In addition to the basics such as 1080p HD live streaming and motion detection and alerts, the Hello camera also offers free person detection. Person detection won't tell you who's at the door, but it will tell you it saw a person. For a monthly or yearly fee, you can also upgrade to the Nest Aware cloud subscription service. Along with access to saved HD video recordings, this service adds facial recognition.   Read the Nest Hello review.

See at Walmart More video doorbell options

Arlo Audio Doorbell

August Doorbell Cam Pro 

August View (recalled)

Blink Video Doorbell (not yet available)

Nest Hello

Remo+ RemoBell

Remo+ RemoBell S

Ring Peephole Cam

Ring Video Doorbell

Ring Video Doorbell 2

Ring Video Doorbell Pro

SkyBell HD Wi-Fi Video Doorbell

Soliom Video Doorbell

How we test video doorbells
Testing a smart doorbell is similar to testing any other home security camera. First I download the corresponding app and create an account (if I don't already have one). While a lot of products include tutorial booklets in the box with your purchase, I prefer to start with the app. A good app includes detailed steps on the installation process, as well as how to connect to your Wi-Fi network and actually get the product up and running. It's your one-stop shop for taking your doorbell setup from start to finish.

Make sure the doorbell is installed based on the manufacturer's specifications -- either hardwired or battery- or solar-powered. As soon as it's connected and I'm able to view the live video feed, I check the settings. I make sure features like motion detection or activity zones are enabled (they aren't always enabled as a default) to get a complete sense of what it's like to use the product -- and to see how well it actually works as a replacement to a regular, nonsmart doorbell.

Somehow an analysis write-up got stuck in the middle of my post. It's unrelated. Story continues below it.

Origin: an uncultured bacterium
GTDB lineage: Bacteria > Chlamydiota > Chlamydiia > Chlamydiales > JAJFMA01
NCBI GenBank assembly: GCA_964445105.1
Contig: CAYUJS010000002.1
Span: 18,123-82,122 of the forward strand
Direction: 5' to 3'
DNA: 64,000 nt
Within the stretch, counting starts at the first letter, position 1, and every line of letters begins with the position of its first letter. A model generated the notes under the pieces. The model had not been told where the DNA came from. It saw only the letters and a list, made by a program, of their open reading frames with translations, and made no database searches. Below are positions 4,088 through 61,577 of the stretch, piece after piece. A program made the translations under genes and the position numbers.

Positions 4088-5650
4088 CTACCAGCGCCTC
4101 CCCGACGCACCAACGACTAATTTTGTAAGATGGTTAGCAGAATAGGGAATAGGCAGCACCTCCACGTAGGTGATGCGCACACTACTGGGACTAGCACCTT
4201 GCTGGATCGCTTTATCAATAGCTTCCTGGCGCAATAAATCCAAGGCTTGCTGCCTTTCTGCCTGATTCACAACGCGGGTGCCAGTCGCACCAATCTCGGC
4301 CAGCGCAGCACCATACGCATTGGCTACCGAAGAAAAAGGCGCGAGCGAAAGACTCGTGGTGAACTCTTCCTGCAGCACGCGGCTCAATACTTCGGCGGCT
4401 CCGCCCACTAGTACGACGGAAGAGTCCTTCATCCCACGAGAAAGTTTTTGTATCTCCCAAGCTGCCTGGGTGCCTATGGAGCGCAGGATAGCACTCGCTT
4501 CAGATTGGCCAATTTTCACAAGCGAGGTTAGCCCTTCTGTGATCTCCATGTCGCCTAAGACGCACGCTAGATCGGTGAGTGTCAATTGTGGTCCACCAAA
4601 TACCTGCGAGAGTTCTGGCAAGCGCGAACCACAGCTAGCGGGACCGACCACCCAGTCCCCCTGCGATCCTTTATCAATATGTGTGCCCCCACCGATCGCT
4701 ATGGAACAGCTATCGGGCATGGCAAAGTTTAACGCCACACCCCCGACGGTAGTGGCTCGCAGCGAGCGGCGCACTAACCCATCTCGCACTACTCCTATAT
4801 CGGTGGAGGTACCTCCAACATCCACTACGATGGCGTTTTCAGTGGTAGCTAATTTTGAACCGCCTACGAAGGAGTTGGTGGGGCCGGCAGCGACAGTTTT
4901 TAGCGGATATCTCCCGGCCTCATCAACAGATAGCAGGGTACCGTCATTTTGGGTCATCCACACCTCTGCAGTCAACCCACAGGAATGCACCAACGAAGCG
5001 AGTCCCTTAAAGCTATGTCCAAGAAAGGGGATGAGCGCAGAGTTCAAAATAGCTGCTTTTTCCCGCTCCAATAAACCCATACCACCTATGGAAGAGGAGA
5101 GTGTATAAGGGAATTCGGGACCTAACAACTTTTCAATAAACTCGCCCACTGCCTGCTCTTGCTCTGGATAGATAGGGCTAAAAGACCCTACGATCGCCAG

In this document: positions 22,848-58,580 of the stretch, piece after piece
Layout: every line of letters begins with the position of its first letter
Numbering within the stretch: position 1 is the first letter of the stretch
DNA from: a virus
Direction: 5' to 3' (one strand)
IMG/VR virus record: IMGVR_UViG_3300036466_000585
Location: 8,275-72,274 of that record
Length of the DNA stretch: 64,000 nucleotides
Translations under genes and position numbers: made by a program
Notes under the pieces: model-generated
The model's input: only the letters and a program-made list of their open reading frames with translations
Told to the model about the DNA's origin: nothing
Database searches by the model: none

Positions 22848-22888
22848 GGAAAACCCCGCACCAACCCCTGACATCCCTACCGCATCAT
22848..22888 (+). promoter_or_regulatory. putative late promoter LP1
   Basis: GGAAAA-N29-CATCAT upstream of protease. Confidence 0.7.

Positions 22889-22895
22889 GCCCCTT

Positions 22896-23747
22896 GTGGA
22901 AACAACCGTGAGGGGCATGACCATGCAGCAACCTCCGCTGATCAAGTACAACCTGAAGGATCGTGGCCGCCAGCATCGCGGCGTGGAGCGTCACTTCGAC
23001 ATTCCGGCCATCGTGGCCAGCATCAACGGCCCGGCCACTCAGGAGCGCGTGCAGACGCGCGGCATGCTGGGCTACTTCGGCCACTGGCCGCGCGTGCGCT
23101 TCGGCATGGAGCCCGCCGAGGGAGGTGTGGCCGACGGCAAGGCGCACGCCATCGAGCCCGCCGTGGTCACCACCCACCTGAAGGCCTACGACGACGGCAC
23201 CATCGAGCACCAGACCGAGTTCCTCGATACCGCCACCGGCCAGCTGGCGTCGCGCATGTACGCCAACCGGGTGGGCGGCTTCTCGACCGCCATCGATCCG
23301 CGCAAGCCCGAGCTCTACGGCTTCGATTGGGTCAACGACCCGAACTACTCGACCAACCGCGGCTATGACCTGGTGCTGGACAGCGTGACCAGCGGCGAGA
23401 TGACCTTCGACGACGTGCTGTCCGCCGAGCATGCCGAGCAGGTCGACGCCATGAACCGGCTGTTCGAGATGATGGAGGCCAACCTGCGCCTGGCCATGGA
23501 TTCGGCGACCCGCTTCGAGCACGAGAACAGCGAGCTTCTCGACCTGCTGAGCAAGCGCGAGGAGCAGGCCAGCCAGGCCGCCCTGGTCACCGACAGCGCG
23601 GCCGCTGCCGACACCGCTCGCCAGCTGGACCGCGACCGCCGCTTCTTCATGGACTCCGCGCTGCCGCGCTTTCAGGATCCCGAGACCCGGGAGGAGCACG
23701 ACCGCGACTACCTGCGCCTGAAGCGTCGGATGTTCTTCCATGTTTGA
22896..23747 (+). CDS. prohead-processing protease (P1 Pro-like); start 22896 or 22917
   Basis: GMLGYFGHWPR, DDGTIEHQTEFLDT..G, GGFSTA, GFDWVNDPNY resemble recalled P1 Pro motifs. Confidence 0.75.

Now playing: Watch this: How to install the Ring Peephole Cam 1:53 What to look for
Does it work with smart home platforms? If so, do they work well? Nowadays smart home devices are expected to work with at least one major smart home platform -- Alexa, Google Assistant and Apple HomeKit are the main ones you need to look for.  

How's the latency? If it takes a long time to get a push alert after someone rings your doorbell, then you risk missing your visitor completely. The same might even be true when the doorbell simply detects motion -- you can set the motion sensor of most video doorbells to notify you to activity happening near your door, even if no one rings the buzzer.

If you have latency problems, start with your Wi-Fi connection. If it isn't strong where the doorbell is installed, you might consider moving it (or, more easily, getting a Wi-Fi range extender). But it could also be the way the software works.

How's the live view? Doorbells are often exposed to direct sunlight, but many others are installed under porches, near shady trees and in all sorts of other settings. It's important that the camera has night vision and can handle any of these scenarios so you don't get stuck with a nonfunctioning product that can't see faces under a porch. 

How's the two-way audio? If the doorbell's microphone and speaker don't work well, you're going to have a tough time communicating with whoever's there. I test this out multiple times to see how the doorbell's audio sounds over my phone.